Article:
Focus on Junior Football Development
Congratulations to South Africa’s national Under 17 boys’ football team “Amajimbos” for qualifying for the FIFA Under 17 World Cup tournament in Chile to be held from 17 October to 8 November this year. This is a monumental achievement even though, South Africa qualified just as one of the semi-finalists and not African Champions. However, the mere fact that they got to the semi-finals at this level of continental competition is a remarkable achievement. As usual, Southern Africa is no match for West Africa in football as Amajimbos will be accompanied to Chile by Nigeria, Mali and Guinea.
Qualification for world championships as well as winning of medals at such events is always a product of hard work, dedication and commitment by the players, technical teams, national sports associations (NSAs), Governments and sponsors. There are many other relevant stakeholders, including most importantly, the fans who throng the stadiums to support wholeheartedly the engagement of their athletes and teams in competitive and friendly matches.
For Southern Africa to continue registering successes and rising up the ranks of various international sports federations there is need for greater prioritization of and investment in grass-roots programmes and junior development. “Catching them young” should be the catch-phrase and approach for all NSAs in Southern Africa. Successful countries in world sport from both developed and developing countries such as Australia, Brazil, China, Cuba, Spain, Germany, and Holland have invested heavily in junior development programmes, sports academies and schools of excellence. The existence of lucrative, viable and well managed league structures at all levels is also a big plus factor for development of national teams.
For example, a simple survey of Southern Africa would most probably reveal the absence of junior structures for more than half of the countries. There are no junior sports leagues to provide for rigorous skills development and competition at an early age. This is in direct contrast to modern sports science. In terms of sports science, the Long Term Athlete Development (LTAD) approach has been widely adopted by many sports organizations and countries.
The LTAD indicates that it takes 8-10 years to produce a world class athlete. This means that the national football associations need to start now in identifying players who will represent their countries at major games such as the 2022 FIFA World Cup and 2024 Summer Olympic Games.
Over and above, having good development programmes, the NSAs and their stakeholders must make deliberate efforts to expose young athletes at invitational tournaments before major games. In addition, the NSAs need to utilize their bi-lateral relations in ensuring periodic training attachments for talented players at major clubs and academies in Europe, Asia, North and South America. Such training and competition attachments help to reduce incidences of stage fright for young athletes when they become in involved in official competitions.
In addition, NSAs and National Olympic Committees (NOCs) need to take active interest in the contractual arrangements for management, marketing and sponsorship for successful and talented young athletes.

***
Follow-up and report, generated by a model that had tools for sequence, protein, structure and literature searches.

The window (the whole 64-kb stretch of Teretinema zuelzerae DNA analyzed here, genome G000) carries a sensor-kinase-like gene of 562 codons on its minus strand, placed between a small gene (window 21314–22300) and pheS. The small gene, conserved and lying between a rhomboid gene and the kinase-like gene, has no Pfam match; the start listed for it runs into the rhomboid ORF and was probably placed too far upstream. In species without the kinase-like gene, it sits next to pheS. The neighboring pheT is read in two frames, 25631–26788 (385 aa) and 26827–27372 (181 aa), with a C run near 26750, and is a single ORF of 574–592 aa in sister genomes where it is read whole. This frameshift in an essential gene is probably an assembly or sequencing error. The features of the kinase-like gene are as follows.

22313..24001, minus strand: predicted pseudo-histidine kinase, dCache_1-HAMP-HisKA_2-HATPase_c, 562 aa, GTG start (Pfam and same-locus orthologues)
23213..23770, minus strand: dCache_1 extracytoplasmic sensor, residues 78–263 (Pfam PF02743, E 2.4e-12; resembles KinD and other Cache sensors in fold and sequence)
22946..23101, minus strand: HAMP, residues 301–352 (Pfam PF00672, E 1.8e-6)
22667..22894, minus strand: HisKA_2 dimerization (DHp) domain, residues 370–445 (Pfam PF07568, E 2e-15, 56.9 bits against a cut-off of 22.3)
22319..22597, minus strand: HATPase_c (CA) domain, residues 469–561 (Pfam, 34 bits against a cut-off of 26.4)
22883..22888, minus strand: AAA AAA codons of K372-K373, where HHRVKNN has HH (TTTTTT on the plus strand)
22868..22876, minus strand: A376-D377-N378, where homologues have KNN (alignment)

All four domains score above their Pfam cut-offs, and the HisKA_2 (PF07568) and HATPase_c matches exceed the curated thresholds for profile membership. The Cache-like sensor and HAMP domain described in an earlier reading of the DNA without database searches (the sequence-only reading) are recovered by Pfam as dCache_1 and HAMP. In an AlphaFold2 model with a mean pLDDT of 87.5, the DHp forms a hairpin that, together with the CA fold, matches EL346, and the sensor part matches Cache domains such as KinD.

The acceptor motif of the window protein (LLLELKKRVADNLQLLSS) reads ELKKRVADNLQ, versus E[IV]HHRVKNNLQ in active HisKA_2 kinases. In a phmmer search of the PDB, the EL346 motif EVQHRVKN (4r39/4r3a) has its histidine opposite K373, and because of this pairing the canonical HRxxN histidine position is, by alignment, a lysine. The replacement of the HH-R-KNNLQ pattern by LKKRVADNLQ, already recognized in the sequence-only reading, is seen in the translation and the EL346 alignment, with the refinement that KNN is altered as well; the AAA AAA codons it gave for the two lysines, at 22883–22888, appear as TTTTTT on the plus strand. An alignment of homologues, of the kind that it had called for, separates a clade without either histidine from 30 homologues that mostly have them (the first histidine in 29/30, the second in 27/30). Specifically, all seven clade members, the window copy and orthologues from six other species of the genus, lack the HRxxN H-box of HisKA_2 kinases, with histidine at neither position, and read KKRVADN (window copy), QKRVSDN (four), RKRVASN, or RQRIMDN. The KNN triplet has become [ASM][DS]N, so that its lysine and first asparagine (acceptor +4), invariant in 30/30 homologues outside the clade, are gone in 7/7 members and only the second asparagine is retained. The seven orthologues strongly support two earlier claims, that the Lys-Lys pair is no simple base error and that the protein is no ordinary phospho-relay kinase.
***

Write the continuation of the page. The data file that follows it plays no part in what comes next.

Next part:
To adopt a laissez faire approach on this particular matter would leave young Southern African athletes vulnerable to the whims and operations of player scouts and agents most of whom do not have the interests of these players at heart.
Sport development and transformation needs to be guided by target-setting and performance measurement both on the field of play and in institutional development. Without objective and agreed performance targets, it is difficult to measure the success or failure of any organization. Sport in Southern Africa still has a long way to go in terms of junior development.
It has great potential to become a viable industry engaging thousands of youngsters in gainful employment and activity. It can also contribute greatly to the socio-economic development of the region. However, sport development needs stable but innovative and visionary leadership to guide its development and transformation.
The Southern Times Sports has absolute confidence in the South African Football Association (SAFA) that they will provide Amajimbos with the best possible preparations for 2015 Chile. Who knows they might surprise lot of people at the tournament.
Other football associations within the Council of Southern African Football Associations (COSAFA) need to follow this fine example by South Africa. It is not just about money but it is more about providing the right training environment for the young footballers to excel utilizing available resources.
Young Southern Africans have now proven beyond reasonable doubt that they, indeed, have the talent to compete with the best in the world, earn a living for themselves through sport and make their countries and the region as a whole very proud.
What they need are the right support services, which in most cases do not require a lot of money, just good planning and management.
There will, obviously, be further ups and downs on the way but compromising on high standards and failure are not options. They should never be! Halala Amajimbos Halala!